WASHINGTON, Jan. 15, 2013 – A new report by Oxfam America ranks the United States 21st out of 125 on its index of best countries to eat in around the world. The group’s Good Enough to Eat Index is meant to give “a rounded picture of how well people across the globe eat,” the international development organization said in report, while noting both developed and developing countries often fall short of providing their residents with healthy food. “Few countries are deserving of silver service status, with obesity, food prices and nutrition rates undermining the records of many of the richest countries – a burden which often weighs heaviest on their poorest citizens,” Oxfam said.

Using data from the United Nations’ Food and Agriculture Organization (FAO), the World Health Organization (WHO) and the International Labor Organization, Oxfam found that while Americans generally have enough to eat and benefit from some of the best quality and cheapest food in the world, the country suffers from high rates of obesity and diabetes. According to the Centers for Disease Control and Prevention, more than a third of U.S. adults are obese.  About 10.9 million U.S. residents aged 65 or older, or almost 27 percent of that population, had diabetes in 2010.

The rankings point to a tricky balancing act within U.S. food policy. Farming subsidies – like those authorized by recent farm bills – are at least partially responsible for the low-cost, high quality food that many Americans enjoy. But some argue that same subsidy system lowers the production costs for commodities like corn and soybeans, making the highly processed foods created from those products cheaper and more readily available than healthier options.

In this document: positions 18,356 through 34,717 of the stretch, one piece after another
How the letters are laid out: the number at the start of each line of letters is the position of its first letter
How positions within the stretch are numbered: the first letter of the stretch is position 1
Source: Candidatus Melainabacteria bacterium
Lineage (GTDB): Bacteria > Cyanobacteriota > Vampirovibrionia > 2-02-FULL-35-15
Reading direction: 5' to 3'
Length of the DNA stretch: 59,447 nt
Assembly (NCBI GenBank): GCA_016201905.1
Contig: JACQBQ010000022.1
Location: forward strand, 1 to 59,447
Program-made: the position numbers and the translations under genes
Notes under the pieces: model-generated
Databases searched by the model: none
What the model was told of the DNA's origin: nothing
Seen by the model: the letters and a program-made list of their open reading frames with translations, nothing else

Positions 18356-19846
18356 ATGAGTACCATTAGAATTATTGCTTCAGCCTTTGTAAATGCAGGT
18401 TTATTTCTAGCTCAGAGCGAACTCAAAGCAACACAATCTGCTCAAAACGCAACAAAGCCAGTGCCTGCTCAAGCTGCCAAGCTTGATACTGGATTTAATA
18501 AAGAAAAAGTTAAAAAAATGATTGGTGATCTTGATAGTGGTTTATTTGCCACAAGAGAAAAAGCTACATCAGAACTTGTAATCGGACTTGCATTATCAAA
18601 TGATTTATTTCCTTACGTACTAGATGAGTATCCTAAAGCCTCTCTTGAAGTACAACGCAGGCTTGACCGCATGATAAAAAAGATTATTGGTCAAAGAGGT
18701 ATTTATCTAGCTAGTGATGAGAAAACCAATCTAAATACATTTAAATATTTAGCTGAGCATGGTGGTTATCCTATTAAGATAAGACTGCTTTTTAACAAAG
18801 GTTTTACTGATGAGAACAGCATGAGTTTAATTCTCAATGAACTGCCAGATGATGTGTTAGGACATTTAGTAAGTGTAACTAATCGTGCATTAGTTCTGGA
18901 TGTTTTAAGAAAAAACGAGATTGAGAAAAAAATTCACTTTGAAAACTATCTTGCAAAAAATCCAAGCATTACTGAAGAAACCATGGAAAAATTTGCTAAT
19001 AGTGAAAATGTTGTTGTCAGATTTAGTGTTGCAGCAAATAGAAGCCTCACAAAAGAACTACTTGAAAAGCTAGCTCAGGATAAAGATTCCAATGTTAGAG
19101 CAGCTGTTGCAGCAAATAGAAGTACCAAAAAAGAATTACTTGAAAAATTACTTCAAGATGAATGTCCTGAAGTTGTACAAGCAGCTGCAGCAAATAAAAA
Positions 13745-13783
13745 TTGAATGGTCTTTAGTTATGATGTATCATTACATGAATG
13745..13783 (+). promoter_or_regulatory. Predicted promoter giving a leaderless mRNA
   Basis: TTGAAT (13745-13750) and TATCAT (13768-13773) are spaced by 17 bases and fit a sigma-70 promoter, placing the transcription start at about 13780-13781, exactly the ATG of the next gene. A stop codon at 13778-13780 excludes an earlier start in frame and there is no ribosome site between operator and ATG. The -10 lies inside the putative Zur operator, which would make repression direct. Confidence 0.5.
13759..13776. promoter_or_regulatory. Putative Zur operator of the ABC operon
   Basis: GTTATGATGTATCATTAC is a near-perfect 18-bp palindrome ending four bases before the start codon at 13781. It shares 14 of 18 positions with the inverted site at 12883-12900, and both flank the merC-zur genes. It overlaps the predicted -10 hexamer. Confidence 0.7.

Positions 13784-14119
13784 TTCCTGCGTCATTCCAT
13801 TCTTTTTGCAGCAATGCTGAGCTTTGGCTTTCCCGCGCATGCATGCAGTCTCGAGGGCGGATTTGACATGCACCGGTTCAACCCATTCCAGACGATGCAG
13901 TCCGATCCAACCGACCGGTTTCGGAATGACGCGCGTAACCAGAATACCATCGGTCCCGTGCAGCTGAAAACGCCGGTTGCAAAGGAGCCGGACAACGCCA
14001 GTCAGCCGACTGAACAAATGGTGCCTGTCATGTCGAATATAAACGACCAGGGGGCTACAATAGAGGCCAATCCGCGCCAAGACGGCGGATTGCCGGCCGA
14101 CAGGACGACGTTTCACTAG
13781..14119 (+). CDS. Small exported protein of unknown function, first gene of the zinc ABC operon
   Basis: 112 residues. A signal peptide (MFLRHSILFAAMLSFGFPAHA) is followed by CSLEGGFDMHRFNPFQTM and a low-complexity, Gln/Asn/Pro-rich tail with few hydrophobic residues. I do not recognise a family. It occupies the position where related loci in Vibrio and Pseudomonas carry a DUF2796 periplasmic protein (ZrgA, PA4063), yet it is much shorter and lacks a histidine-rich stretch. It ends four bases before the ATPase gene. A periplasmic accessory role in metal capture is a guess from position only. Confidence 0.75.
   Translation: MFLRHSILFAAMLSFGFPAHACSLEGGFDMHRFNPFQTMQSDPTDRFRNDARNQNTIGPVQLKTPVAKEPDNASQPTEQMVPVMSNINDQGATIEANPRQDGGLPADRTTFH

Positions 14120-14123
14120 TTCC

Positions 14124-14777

The best places to eat, according to Oxfam America: Netherlands, France and Switzerland. And the bottom three: Ethiopia, Angola and Chad, all of which suffer from severe undernourishment, poor food quality and inflation.

In Angola, for example, “high and unstable inflation across the whole economy over the past decade [makes] it harder for Angolans to save and pay for basic needs, including food,” the report’s authors write. “In Angola, 60 percent of people’s diet is made up of simple carbohydrates and almost half of the population does not have access to clean water in order to prepare their food in safe and hygienic conditions.”

Oxfam used four metrics to determine their rankings: whether people have enough to eat; whether people can afford to eat; whether the food available is clean and safe; and if people's diets lead to unhealthy outcomes like obesity and diabetes. Oxfam estimates 840 million people, or about one in eight, suffer from chronic hunger.


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